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Re: Where cloth and paper meet
- To: BOOK_ARTS-L@LISTSERV.SYR.EDU
- Subject: Re: Where cloth and paper meet
- From: Don Rash <email@example.com>
- Date: Wed, 29 Apr 1998 08:54:39 -0400
- Message-Id: <199804291257.FAA15766@SUL-Server-2.Stanford.edu>
- Organization: epix
- Sender: "Book_Arts-L: On the web at http://www.dreamscape.com/pdverhey" <BOOK_ARTS-L@LISTSERV.SYR.EDU>
>Here's a response to Dan's questions to help people answer my two questions:
>> 1. Making a join between the paper and the book cloth
>> 2. Getting the glued piece of paper the exact size and down in the
>> exact place
> If you could supply some additional facts it might help:
>-Size of your portfolios
They're about 12 1/2 by 9 1/2--to hold standard US paper
> About half a dozen
>-What adhesive are you using?
Now we've got something to work on. If you had been going to do a
dozen I would have suggested making a jig, but for six that probably
First things first: the paper does overlap the cloth. Not only does it
give a clean edge, it prevents the cloth edge from fraying.
Personally, I don't have a problem with evidence of the cloth under
the paper, as long as the cloth is trimmed evenly and parallel with the
spine edge of the board; but there are a couple of solutions. One is to
cloth with a ruler or straightedge in a nipping or standing press. If
the edge of the cloth still bothers you, pare it off with a sharp
knife. An alternative is to adhere strips of one-ply or manilla the
width of the cloth onto the boards. When covered with cloth, it
produces a nice step into which to set the paper.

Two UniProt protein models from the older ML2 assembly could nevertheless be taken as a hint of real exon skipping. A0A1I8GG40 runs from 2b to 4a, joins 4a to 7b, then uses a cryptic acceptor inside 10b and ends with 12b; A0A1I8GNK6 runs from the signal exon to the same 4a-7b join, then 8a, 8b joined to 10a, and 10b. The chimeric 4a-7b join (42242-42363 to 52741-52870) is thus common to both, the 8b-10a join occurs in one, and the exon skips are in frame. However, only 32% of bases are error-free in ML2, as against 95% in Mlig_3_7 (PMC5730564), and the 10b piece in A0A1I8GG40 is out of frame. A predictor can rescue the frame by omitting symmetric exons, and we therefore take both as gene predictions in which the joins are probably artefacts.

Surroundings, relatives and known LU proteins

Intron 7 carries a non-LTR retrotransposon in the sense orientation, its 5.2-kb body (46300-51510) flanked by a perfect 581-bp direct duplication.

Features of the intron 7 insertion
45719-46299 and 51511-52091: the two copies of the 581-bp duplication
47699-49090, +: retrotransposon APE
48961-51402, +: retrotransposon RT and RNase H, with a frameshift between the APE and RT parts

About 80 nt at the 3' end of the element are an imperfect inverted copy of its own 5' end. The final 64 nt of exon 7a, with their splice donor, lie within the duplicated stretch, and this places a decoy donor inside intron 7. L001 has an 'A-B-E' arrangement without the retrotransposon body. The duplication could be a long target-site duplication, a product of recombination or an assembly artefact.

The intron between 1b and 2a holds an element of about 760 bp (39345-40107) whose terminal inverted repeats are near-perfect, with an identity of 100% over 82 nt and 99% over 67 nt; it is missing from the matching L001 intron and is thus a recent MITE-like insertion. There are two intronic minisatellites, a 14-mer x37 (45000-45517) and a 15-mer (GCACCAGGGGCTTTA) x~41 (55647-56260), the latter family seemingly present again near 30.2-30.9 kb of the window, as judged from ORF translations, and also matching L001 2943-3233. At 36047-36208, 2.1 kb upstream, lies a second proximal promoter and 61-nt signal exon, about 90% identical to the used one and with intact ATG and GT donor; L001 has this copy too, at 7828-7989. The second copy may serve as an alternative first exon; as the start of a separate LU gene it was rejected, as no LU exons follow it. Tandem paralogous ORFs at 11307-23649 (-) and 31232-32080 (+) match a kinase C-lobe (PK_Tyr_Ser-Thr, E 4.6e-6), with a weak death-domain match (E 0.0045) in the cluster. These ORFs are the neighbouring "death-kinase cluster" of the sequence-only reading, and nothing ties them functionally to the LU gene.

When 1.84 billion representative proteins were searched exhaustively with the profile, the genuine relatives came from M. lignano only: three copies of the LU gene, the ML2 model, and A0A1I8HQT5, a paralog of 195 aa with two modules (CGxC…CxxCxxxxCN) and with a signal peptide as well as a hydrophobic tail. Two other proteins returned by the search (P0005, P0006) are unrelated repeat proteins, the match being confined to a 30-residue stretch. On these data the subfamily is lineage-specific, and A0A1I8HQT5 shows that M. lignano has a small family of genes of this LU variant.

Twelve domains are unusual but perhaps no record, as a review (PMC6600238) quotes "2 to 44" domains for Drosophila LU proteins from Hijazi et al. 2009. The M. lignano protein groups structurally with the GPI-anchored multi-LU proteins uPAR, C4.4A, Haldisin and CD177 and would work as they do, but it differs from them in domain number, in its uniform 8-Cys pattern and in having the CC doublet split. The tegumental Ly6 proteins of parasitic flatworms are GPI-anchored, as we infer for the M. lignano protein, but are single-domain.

In order to be able to place the cover paper consistently, you need to
know how much it will expand when glued out. Take a good sized piece of
board and a smaller piece of your paper. Draw a rectangle the exact size
of the paper onto the board. Glue out the paper and align it with at
least two sides of the drawn rectangle. Now you can see the amount of
expansion to allow for, and cut your paper accordingly. Even after this
you'll probably need to do a few full sized trials to fine tune the
size. When you have the size correct, cut all the pieces you think
you'll need plus some spares. Here is where a good cutter is invaluable;
your paper will be absolutely square and uniform in size.
If I'm doing just a few covers I just mark the placement of the paper
with a couple of divider pricks on each board; but if you used either of
the methods above everything is ready to go. You should glue the paper
rather than the board, and allow it to expand before laying it down.
This is where PVA proves less than ideal. A mix of PVA and paste or
methyl cellulose will give you sufficient working time without having to
rush. Another helpful technique which many use (but I just tried, thanks
to Peter V. through his former assistant Sara Provancha) is to apply the
adhesive with a paint roller rather than a brush. It gives an even coat
of adhesive in almost no time. Like they used to say in the Cap Snaffler
"...And it really, really works!"
Don Rash fine bookbinder
50 Burke St.
Plains, PA 18705
<There are monkey boys in the facility...>